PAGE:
Friday Figures: Who Keeps the Sheets?

Here's one of these 4th-wall issues that no one ever thinks to talk about, but when it finally surfaces to consciousness, suddenly everyone realizes they have a militant opinion about. On last week's Wandering DMs show discussing Dave Arneson's early play mechanics, special guest DH Boggs pointed out that Arneson kept all the character sheets for a few different reasons. At the time I thought: "Why are we even mentioning this? Or wait, has no one ever discussed this as an issue before?". So I asked the question as a poll on the Facebook 1E AD&D group; who keeps the PC character sheets between sessions?

As you can see, the "Players" vote took an overwhelming win on this poll -- by a vote of 250 to 83 to 18 at last count. (So: 71% are saying the players take their sheets home). Among the many comments on the issue include observations such as, "I will always stand by the notion that a character is the intellectual property of the player.", "I don't play with people that I don't trust enough to keep their own sheets" (I think assuming the only reason for DM to keep sheets is as an anti-cheating measure), and even, "DMs that insist on keeping their players character sheets have serious mental issues."

Now, this is somewhat surprising, because all of the play groups with which I interact actually have the DM keep the sheets. I think I usually offer players to take the sheets, but no one ever takes me up on it. Maybe our community has just all fallen into this habit unwittingly. Arguments in favor of this in the thread include, "Character sheets belong to the campaign, not the player", and predominantly, "Everyone always forgets to bring their stuff that's why the GM keeps it in a folder". I'm not seeing any comments specifically about cheating but maybe there's one or two in there (and that would have been me in junior high school). One said, "I have been really surprised by New School players who want me to hang onto the character sheets".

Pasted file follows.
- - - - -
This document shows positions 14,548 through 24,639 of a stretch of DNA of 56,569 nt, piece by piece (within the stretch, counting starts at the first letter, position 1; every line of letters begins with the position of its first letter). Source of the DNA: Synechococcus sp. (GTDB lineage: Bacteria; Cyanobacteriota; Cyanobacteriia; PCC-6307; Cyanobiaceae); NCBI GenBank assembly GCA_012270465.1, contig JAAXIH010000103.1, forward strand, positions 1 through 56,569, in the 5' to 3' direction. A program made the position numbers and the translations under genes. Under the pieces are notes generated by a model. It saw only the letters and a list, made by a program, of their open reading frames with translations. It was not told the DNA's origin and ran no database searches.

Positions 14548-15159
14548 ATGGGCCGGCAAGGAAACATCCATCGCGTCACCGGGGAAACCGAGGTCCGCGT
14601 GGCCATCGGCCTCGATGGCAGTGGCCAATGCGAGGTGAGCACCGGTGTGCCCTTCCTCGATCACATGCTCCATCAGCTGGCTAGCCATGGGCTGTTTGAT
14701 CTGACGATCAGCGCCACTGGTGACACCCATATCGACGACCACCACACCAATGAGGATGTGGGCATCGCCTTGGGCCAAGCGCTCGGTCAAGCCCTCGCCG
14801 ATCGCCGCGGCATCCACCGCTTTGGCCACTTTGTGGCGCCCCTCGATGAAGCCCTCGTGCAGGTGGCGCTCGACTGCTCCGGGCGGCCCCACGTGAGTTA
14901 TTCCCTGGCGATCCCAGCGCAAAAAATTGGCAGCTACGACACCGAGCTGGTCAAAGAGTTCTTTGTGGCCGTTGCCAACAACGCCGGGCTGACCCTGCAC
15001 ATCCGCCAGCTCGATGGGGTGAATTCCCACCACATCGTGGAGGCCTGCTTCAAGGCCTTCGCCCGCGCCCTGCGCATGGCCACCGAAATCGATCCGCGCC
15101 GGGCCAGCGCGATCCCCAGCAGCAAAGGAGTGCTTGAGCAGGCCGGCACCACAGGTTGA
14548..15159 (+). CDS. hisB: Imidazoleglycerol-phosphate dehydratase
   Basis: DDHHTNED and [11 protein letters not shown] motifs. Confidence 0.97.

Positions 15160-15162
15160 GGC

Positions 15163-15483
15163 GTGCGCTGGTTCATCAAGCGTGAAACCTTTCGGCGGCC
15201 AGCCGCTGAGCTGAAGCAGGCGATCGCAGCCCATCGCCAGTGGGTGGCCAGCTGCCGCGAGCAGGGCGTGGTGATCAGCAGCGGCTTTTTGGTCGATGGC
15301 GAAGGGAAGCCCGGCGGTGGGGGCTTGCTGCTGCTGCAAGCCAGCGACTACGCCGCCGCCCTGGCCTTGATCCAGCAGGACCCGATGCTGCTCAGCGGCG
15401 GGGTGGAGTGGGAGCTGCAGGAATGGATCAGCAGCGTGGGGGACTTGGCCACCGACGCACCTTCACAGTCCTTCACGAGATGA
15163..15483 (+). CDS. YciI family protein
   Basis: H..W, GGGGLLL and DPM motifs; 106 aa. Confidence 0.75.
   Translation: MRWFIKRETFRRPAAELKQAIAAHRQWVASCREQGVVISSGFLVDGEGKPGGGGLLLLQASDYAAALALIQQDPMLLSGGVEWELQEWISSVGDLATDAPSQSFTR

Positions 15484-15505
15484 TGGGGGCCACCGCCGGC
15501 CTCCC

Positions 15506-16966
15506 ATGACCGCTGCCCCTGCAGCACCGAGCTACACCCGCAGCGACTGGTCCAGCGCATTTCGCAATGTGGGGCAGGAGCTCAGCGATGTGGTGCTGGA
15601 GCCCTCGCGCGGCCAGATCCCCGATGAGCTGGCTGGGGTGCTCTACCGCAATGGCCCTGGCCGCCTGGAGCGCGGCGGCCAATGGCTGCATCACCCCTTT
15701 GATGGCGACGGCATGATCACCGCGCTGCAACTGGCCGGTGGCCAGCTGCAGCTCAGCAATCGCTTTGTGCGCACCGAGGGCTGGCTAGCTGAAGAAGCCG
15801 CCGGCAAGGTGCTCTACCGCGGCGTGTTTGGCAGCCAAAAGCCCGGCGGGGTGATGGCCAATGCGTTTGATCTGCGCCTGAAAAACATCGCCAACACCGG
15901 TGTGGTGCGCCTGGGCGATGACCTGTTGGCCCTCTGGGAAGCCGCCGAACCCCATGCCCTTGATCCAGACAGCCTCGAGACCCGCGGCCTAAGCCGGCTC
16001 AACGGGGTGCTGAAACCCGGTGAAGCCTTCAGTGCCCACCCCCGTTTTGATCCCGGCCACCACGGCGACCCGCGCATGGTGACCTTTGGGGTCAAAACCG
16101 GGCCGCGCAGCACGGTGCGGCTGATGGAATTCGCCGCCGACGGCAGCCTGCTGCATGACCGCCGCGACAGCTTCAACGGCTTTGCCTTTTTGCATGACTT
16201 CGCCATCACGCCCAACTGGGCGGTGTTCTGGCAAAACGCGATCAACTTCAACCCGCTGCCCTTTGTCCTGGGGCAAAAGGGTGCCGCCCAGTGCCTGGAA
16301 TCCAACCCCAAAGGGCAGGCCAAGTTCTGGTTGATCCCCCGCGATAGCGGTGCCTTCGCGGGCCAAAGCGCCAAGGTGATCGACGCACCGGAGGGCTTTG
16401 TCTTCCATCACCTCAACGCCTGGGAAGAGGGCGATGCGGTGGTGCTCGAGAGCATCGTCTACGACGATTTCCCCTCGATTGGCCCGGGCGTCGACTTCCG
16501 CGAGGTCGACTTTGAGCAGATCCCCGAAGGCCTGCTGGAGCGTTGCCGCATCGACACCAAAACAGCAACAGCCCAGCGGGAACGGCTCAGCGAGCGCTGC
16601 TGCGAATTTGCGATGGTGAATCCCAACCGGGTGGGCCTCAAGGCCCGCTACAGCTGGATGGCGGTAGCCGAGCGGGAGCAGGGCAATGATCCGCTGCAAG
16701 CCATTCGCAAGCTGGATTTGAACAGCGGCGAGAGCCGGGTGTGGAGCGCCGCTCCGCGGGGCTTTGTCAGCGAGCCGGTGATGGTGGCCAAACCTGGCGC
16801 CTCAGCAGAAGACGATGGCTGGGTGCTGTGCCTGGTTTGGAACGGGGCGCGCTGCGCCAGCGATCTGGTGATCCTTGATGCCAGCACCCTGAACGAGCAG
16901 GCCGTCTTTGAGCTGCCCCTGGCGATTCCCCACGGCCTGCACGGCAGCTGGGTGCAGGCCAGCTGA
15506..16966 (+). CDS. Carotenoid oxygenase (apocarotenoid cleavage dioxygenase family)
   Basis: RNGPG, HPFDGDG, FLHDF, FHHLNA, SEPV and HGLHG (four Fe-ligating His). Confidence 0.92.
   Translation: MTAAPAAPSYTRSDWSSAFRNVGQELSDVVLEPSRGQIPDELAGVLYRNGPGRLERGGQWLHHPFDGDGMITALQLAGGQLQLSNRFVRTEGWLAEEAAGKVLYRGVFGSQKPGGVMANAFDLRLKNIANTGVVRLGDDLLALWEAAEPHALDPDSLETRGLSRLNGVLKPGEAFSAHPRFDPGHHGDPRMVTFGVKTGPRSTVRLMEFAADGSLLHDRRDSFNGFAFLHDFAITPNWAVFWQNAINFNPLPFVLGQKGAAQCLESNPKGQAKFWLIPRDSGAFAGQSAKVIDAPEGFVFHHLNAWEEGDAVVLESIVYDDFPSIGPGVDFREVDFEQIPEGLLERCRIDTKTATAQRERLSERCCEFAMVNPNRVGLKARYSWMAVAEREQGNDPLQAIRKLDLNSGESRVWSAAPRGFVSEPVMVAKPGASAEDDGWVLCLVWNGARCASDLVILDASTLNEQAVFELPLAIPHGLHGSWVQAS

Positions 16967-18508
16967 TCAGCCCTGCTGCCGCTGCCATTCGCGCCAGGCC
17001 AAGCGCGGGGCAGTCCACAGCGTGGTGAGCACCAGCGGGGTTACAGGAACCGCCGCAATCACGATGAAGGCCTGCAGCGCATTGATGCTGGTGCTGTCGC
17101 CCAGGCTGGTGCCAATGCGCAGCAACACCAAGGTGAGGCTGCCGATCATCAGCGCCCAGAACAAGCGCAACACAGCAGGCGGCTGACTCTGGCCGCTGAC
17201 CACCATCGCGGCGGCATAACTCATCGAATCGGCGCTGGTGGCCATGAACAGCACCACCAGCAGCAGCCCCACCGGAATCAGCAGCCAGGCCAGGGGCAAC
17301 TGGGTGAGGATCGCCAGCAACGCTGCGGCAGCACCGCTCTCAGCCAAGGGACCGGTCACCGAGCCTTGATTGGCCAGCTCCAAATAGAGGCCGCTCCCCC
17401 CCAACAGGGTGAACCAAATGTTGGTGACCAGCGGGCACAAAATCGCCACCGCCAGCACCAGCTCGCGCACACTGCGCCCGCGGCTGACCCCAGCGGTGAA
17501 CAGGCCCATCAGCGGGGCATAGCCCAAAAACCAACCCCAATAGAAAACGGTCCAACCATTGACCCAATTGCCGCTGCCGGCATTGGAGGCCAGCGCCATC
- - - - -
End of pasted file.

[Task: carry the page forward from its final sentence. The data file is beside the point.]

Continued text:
Other options include some form of both parties keeping copies; maybe DM gets originals and players scans, or vice-versa. Some DMs keep various summary records while players take the real sheets. Some have a "current" sheet with one party, while an "older" sheet is taken by the other. And a few use technology like D&D Beyond for 5th edition where (I think) both DM and player can access it online. (One DM keeps data in a custom spreadsheet and prints out fresh paper copies each session.)

As a special bonus, Mr. Frank Mentzer joined the conversation, sharing that his players keep their sheets, while he keeps index-card summaries (color-coded by race). And in fact has kept all those records consistently going back to 1977 (making a separate post on FB sharing some photos of those stacks of cards). Thanks, Frank!

Don't forget: New Wandering DMs live chat this Sunday -- On incorporating horror in your D&D and other RPG games. Will we wear costumes? Tune in and share you spooky suggestions. Sunday 1 PM ET.


Friday Figures: Testing 5-foot Squares

A couple weeks back, a few different people (thank you!) sent me the link to the Dutch martial-arts HEMA group HVN's testing of combat with swords and daggers in current D&D-canonical 5-foot wide squares.

Very cool stuff, so glad they could share this with us. The main critique they have coming away from the test is that the squares are kind of a bit on the small side -- they find themselves standing mostly on the back end of the squares, and say that there isn't enough room to use the swords in thrusting style (so: cutting and hewing only).

And that's an interesting take, because my question for many years has mostly been whether the 5-foot size is maybe too large to be realistic. (Whenever I find myself on a tiled floor I look around and gauge whether 5 feet seems like a reasonable for combat space or not.) That's probably some bias resulting from Gygax's assertion that 3 fighting men per 10 feet should be the default (OD&D Vol-2 p. 12, AD&D 1E DMG p. 10). Really comforting to know that the 5-foot size is within the bounds of reasonability.

Videos on HVN's Imgur page here.

Don't forget: Live chat this Sunday on Wandering DMs: Paul & I have special guest D.H. Boggs, applied researcher in RPG history, on the show to discuss Blackmoor, Dave Arneson's play style, mechanics visible and hidden from players and other Twin Cities topics! 1 PM ET.